U.S. stock index futures signaled a lower open on Monday, as last week's global sell-off, which started when the Federal Reserve signaled it could end its asset purchases this year, continued.
Concerns about tightening central bank policy were reignited on Monday when the People's Bank of China refrained from pumping cash in to the economy, despite a liquidity squeeze. The news accelerating losses on the Shanghai Composite (.SSEC), which closed at a fresh 2013 low.
However, Capital Economics' John Higgins forecast there could be "some respite" from the global sell-off, which saw the S&P 500 (.SPX) close 2.1 percent down on last week, and the Dow (.DJI) close 1.8 percent lower.
"Although the ride may remain bumpy, we would not be surprised if there was some respite given the scale of the recent sell-off. For one thing, a near-term tapering of the third round of quantitative easing is now probably fully discounted and the Fed is likely to tread extremely carefully in any case in withdrawing its stimulus. Some countries should also actually benefit from the stronger U.S. growth that will presumably be the context in which the Fed decides to tighten the screws," said Higgins, in a research note out late on Friday.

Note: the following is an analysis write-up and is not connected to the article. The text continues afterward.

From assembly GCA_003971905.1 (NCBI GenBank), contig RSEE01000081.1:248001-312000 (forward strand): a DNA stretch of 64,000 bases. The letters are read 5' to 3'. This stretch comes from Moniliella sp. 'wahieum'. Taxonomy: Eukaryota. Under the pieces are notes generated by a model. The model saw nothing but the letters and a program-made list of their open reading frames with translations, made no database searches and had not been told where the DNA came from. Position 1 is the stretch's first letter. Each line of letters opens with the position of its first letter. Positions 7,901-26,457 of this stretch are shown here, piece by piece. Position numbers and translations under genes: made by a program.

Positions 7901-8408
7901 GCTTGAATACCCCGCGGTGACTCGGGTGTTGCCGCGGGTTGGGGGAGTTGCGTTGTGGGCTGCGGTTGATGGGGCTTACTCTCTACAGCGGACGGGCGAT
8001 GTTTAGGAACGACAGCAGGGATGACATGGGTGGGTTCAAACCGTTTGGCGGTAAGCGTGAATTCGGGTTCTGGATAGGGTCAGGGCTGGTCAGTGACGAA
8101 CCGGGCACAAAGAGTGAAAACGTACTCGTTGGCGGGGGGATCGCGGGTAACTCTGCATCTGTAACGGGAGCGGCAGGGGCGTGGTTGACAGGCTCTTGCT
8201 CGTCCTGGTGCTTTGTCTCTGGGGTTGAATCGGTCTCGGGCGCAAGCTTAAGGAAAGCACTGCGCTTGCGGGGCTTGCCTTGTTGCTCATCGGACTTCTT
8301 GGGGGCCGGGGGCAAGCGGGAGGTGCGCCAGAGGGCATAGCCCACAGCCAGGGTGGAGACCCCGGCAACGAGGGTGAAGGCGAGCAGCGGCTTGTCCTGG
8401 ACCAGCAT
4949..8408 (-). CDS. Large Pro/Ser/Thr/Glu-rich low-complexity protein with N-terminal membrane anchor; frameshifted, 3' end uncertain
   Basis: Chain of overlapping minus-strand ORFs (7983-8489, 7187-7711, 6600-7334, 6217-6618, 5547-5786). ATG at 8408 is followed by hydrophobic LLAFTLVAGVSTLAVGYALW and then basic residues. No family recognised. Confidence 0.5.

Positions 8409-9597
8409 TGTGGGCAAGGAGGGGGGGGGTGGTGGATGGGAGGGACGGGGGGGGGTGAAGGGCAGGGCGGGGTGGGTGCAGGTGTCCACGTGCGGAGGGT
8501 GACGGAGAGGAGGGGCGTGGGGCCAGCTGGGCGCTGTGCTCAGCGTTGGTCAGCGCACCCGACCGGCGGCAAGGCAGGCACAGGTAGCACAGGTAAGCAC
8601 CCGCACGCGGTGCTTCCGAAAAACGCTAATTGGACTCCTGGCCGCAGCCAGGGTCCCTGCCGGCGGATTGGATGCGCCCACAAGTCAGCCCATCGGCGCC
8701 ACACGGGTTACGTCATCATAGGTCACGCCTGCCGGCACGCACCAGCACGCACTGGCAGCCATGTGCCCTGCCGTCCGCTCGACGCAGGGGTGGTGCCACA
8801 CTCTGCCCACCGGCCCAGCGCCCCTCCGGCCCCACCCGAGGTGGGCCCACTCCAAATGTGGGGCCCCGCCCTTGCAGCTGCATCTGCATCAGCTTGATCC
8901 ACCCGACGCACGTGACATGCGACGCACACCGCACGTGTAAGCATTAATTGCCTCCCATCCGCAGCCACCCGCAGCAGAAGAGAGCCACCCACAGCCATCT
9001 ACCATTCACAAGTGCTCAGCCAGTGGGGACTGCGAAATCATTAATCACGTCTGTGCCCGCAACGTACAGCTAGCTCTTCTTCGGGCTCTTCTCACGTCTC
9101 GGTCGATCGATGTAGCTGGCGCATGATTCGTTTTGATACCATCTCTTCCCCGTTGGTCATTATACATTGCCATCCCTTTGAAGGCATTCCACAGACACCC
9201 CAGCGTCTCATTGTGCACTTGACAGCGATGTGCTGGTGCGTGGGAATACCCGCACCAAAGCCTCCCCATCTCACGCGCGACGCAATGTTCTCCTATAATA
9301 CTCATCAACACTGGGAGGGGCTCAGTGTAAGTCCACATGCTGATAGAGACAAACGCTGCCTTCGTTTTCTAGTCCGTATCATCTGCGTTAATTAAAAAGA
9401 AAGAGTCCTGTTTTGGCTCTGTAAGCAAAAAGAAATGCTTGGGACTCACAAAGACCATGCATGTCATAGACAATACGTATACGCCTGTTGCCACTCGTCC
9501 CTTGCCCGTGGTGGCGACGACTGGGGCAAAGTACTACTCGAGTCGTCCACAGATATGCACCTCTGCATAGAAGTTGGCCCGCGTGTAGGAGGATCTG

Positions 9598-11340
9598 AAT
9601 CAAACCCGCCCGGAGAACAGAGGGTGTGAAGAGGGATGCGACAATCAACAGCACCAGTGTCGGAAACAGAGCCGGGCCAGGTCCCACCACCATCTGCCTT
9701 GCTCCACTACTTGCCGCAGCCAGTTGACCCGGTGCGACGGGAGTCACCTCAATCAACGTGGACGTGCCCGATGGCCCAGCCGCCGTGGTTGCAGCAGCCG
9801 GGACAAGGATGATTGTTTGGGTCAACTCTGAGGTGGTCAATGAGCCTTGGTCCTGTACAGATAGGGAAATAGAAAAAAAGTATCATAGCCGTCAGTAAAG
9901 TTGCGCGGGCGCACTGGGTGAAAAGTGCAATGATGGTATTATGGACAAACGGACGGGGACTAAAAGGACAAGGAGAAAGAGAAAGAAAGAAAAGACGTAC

Furthermore, the Bank for International Settlements (BIS) waved a red flag for central banks over the weekend, saying it was time to end ultra-lose monetary policy. BIS, known as the central bank for central banks, said in its annual report that current monetary policy in the U.S., euro zone, U.K. and Japan will not bring about much-needed labor and product market reforms, and is a recipe for failure.
Meanwhile, Goldman Sachs became the latest bank to downgrade China's growth outlook on Monday, saying tighter financial conditions are a downside risk for the world's second largest economy. The bank cut China's gross domestic product growth forecast for the second quarter to 7.5 percent on the year, down from 7.8 percent.
Monday will be a quiet day for both U.S. earnings and macroeconomic news. Dallas Federal Reserve President Richard Fisher, a voting member of the Federal Open Market Committee next year, will give a speech on U.S. monetary policy.
In stock-specific news, Vodafone (VOD-GB) agreed to buy Germany's largest cable operator Kabel Deutschland (KD8-DE) for 7.7 billion euros ($10 billion) on Monday, trumping an offer from John Malone's Liberty Global (LBTYA).
Plus, Citigroup (C) is expected to announce on Monday that it will open an office in Baghdad, becoming the first U.S. bank to move into Iraq.
Apple stocks (APPL) may be closely watched, as the technology giant announced late on Friday that it had changed the way senior executives, including CEO Tim Cook, will receive stock awards. From now on, the award size will depend on stock market performance.
Meanwhile, U.S. crude oil prices could fall further this week, having sunk 3 percent last Thursday after Fed Chairman Ben Bernanke's news conference. A majority of analysts in a CNBC poll forecast prices would ease further this week.
By CNBC's Katy Barnato